Bulgaria’s government decided on October 25 to start work on the construction of two new reactors at Kozloduy nuclear power plant (NPP) that will have a combined capacity of 2,300 MW, Prime Minister Nikolai Denkov said.
Since the start of the Russian war in Ukraine, Bulgaria has been making significant efforts to become independent from Russia for its energy. At the end of April last year, the country stopped using Russian gas, but it still imports fresh nuclear fuel from Russia and wants to find an alternative. Sofia is also trying to put an end to oil imports from Russia despite having a derogation from the EU-wide ban until the end of 2024.
Currently, Kozloduy NPP has only two Soviet-era working units – five and six. The energy ministry will now start the procedure to pick a contractor for the design, construction and commissioning of unit seven and will also start the procedure to build unit eight.
Construction of the seventh unit should be completed by 2033, and the project will be funded with BGN500mn (€250mn) in addition to previously allocated funding, Denkov said.
The government will start negotiations on new loans with financial institutions for the construction of the two new units.
Unit eight will be completed at a later stage.
Denkov said the new reactors' total capacity of 2,300 MW will significantly exceed the 1,760 MW capacity of the four blocks that were closed as part of Bulgaria’s accession to the EU.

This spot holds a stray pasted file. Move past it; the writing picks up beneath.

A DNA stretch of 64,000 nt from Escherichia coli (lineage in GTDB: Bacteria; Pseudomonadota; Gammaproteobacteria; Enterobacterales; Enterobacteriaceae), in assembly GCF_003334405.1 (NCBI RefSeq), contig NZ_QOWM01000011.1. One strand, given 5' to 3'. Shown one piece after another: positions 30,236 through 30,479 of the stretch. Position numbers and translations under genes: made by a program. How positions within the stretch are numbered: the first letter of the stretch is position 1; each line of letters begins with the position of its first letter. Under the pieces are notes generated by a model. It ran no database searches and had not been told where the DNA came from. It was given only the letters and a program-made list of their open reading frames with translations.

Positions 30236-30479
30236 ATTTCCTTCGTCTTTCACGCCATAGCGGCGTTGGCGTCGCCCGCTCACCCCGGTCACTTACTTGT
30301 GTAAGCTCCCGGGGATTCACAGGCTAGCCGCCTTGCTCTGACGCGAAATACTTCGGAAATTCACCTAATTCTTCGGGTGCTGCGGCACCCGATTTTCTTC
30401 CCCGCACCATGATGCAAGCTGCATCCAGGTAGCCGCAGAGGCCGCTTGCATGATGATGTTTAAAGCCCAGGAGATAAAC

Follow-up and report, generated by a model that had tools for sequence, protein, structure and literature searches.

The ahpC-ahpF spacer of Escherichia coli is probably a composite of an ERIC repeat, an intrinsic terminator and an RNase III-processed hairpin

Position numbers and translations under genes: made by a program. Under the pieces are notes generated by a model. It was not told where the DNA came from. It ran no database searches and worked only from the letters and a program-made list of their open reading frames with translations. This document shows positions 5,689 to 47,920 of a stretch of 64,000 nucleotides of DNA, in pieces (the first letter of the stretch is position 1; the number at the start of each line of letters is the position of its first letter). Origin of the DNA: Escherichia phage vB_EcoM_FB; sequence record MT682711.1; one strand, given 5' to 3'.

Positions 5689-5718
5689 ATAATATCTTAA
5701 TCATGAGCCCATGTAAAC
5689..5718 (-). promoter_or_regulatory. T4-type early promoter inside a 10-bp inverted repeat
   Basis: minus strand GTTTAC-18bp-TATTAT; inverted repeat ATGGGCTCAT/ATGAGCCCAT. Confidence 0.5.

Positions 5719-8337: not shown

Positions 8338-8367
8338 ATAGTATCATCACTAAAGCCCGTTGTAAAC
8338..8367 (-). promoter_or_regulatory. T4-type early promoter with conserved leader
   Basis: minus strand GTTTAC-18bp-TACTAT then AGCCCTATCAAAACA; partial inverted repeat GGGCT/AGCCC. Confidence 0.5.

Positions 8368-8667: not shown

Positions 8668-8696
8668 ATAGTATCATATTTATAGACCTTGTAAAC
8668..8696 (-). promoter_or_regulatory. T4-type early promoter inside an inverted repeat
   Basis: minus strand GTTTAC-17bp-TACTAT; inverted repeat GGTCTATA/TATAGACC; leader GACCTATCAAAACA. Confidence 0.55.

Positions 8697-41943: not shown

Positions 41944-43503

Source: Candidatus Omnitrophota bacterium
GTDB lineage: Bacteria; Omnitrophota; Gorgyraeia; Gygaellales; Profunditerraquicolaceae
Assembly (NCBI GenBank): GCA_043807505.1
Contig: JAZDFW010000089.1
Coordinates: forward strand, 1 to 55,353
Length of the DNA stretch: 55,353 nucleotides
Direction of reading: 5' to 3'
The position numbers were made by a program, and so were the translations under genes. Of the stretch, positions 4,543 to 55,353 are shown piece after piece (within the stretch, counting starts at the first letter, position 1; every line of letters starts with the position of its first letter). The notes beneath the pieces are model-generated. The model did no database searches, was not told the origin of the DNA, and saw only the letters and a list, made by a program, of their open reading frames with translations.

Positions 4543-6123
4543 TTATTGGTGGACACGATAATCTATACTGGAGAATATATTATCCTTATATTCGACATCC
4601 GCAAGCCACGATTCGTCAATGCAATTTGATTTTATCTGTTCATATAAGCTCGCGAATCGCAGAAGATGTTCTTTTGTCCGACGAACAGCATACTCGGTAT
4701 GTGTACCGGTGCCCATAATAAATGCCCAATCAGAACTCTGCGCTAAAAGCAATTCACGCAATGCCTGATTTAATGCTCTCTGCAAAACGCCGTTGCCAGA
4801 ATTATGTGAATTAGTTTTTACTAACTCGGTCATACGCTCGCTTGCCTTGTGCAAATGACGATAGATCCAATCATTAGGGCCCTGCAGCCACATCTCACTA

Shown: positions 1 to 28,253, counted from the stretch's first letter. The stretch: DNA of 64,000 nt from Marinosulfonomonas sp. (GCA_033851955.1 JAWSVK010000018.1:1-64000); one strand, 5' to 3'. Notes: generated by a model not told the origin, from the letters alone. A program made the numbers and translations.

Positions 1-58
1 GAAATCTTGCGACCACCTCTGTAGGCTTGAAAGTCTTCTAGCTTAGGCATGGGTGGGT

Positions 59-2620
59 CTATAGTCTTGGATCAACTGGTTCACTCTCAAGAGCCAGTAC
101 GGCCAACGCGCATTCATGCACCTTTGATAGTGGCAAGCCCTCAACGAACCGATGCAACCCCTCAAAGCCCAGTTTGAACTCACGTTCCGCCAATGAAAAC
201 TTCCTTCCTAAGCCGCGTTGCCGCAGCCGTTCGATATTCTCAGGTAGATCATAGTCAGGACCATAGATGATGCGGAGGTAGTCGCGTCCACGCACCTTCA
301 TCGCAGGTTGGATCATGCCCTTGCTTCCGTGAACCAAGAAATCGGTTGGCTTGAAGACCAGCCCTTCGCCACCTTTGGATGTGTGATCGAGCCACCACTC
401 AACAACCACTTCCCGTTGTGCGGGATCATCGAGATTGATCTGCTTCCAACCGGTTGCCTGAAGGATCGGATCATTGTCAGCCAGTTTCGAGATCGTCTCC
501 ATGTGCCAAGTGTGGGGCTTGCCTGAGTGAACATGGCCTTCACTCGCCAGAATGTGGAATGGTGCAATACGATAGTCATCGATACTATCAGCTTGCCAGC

In June, US Westinghouse Electric signed an agreement with Kozloduy NPP’s special project company, Kozloduy NPP-Newbuild, that kicked off the procedure for construction of an AP1000 reactor. Westinghouse will supply the fuel for the new reactor from its plant in Sweden.
Earlier in October, Westinghouse signed agreements with five Bulgarian companies for future cooperation on the construction of new units at the country's Kozloduy NPP and other nuclear facilities in the region using the US corporation's AP1000 technology.
The AP1000 reactor is the only operating Generation III+ reactor with fully passive safety systems, modular construction design and has the smallest footprint per MWe on the market.
As EU countries seek to reduce dependence on Russia in the energy sector, at the end of 2022, the Kozloduy NPP signed contracts with Westinghouse and Framatome on the delivery of fuel for its two operating reactors. This secured independence from Russia, which was until then the sole supplier.
The contracts were signed after the parliament decided that the country must speed up the process of securing an alternative supplier for the power plant, which is currently using fuel delivered by Russian company TVEL.